The pottery found in the street mainly consisted of three wares, ware I, XXV and XXX. XX and XXXI also appeared quite often, though almost any type of ware so far discovered on the tell could be found there. There were also some cooking pot fragments and shards which were combed or decorated with fishbones. Many painted fragments were found, though most remarkable were the base of a pot which carries a potter mark and a handle which bears the impression of a seal. One rim of ware I could be dated to the Iron Age. The cooking pot whose fabric consists of calcite dated from the late Bronze Age.

The deep trench
Many interesting shards were found in the deep trench, e.g. the handle of a torpedo jar, a cylindrical jar dating from the 7th to 8th century BC (Hellenistic) which is one of the ancestors of the Roman amphorae. A shard with combed decoration which dates from the middle Bronze Age and the rim of a Canaanite jar from the late Bronze Age were retrieved too. Also some fragments from early Bronze Age vessels were discovered, like the base of a storage jar with the typical ridges, a base and some body shards. Because of its vertical burnishing with differentiations one shard could be dated to the early Bronze Age IV. (For details concerning the deep-trench an the pottery see the report of Lisa Kirsch and plates XVIIIcXVIIIdXVIIIeXVIIIfXVIIIg.)

***

We would like to express our sincere thanks to our collegue Assad Seif who was of great help when it came to the analysis and dating of the pottery found this season in Kamid el-Loz.

Jana Pokrandt, Verena Janatsch.
 

VI. Glass-Finds 
The glass finds of the season 2002 will again be analysed and published by Tania Zaven, M.A., (National Museum, Beirut, Lebanon).

VII. Outlook 
The season 2002 has been an unexpectedly rich one concerning above all the stratigraphical-chronological results. The slope area turned out to have been occupied all over by the Roman settlement, it was used as a living space as well as a cemetery in Roman times and later. Three deep trenches within the slope area delivered the proof of the far older age of settlement activities in this area. One of our main aims from the beginning in our research in Kamid el-Loz was to explore the settlement history as well as the settlement layouts of the periods on the site. The 2002 excavation already begins to change our picture about the Iron Age settlement in Kamid. The new results show the extension of this settlement from the west as far as the east-slope of the tell and probably its extensions further down to the fields just east of the slope (plate I). The interpretation of Kamid el-Loz as a small iron-age settlement with only little architecture has to be corrected. Further exploration of the Iron Age levels will now be part of the future research on the site. As documented above, we also touched a transitional Iron Age / late Bronze Age layer in this area. In addition to our limited knowledge of the late Bronze Age temple and palace region, we now begin to explore these regions where we expect the living areas of the town during these periods. The slope area therefore will be one of these areas where we follow up our main research aims, the reconstruction of the settlement-plans during the different periods of settlement activity in Kamid el-Loz.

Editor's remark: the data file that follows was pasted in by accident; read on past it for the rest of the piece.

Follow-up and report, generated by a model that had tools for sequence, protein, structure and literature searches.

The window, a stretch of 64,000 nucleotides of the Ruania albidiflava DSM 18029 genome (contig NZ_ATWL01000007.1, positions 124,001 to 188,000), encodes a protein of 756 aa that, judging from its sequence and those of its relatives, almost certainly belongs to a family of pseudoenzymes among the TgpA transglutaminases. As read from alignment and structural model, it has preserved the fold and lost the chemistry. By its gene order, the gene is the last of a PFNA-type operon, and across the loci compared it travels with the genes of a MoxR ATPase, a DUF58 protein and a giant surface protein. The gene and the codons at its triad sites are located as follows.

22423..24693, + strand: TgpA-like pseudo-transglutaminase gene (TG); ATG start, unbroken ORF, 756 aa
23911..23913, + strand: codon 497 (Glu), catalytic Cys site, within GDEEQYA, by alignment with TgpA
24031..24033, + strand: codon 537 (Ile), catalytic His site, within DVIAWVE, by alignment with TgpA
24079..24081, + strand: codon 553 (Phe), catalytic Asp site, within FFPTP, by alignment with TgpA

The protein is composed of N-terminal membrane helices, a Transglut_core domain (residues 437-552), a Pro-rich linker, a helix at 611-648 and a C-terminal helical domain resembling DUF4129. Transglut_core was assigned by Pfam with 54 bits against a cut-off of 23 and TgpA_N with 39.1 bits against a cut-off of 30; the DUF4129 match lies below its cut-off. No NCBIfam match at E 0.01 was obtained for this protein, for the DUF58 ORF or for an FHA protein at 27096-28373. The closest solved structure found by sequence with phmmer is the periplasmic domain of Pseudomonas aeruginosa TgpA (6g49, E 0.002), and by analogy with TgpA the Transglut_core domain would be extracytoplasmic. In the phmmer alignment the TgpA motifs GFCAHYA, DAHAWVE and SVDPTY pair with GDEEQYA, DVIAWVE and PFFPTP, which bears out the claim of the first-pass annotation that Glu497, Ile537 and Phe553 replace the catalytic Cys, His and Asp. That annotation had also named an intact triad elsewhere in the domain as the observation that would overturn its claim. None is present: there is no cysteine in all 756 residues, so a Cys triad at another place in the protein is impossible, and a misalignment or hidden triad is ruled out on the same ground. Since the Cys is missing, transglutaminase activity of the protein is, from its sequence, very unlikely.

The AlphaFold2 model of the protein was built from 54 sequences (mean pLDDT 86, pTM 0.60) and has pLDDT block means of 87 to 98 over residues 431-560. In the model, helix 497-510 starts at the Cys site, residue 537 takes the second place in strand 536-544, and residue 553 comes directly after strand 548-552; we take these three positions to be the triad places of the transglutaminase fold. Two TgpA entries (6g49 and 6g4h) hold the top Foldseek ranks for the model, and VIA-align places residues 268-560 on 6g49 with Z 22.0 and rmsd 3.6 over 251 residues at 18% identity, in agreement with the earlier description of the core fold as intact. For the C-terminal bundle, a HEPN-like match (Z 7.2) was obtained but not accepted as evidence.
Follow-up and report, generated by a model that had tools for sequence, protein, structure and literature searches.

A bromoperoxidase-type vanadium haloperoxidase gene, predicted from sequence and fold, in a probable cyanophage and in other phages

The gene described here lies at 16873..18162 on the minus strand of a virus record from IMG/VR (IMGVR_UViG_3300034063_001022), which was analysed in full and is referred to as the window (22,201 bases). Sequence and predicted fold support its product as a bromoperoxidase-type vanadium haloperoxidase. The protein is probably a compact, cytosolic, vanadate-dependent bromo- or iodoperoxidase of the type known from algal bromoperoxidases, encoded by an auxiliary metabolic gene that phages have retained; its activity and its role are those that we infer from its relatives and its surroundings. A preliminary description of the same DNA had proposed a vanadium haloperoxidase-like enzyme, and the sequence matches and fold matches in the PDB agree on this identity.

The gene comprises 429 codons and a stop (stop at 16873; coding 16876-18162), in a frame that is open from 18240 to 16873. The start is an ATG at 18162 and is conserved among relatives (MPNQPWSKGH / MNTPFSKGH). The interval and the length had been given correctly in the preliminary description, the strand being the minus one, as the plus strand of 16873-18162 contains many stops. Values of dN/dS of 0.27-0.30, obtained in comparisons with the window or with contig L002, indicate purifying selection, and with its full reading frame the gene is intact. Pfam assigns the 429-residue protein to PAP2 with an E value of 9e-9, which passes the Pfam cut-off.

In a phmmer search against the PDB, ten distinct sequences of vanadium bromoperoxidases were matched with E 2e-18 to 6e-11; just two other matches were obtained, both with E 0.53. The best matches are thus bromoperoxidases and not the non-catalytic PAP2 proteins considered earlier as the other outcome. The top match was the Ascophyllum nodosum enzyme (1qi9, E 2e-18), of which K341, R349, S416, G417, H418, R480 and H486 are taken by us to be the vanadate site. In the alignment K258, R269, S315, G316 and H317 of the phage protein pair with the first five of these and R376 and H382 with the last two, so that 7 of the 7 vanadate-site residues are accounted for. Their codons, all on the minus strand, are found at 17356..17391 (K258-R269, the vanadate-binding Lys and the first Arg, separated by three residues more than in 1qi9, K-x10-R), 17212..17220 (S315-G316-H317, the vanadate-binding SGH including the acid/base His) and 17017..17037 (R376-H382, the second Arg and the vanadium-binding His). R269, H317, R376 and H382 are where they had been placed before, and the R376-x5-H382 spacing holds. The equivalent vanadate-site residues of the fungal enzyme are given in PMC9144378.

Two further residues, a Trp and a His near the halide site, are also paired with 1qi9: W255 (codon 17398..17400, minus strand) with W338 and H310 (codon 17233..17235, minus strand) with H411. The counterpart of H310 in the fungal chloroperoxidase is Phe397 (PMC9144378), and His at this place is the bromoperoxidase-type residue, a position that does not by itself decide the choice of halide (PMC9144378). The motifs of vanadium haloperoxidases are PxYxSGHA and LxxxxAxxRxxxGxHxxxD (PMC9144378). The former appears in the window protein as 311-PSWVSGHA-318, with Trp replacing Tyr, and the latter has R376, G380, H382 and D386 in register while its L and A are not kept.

New information about the layout and architectural picture of Kamid el-Loz during the late and middle Bronze Age is also coming to light in the temple area. Next to the temple building ground itself the 2002 season shows the kinds and functions of the surrounding buildings. The temple area is changing its "face" and our aim to analyse the functions and architectural layout of the temple surrounding is now already in full swing! (The correlation of the ground-plans 2002 to the ground-plans of the temple during late and middle Bronze Age will be done back in Germany)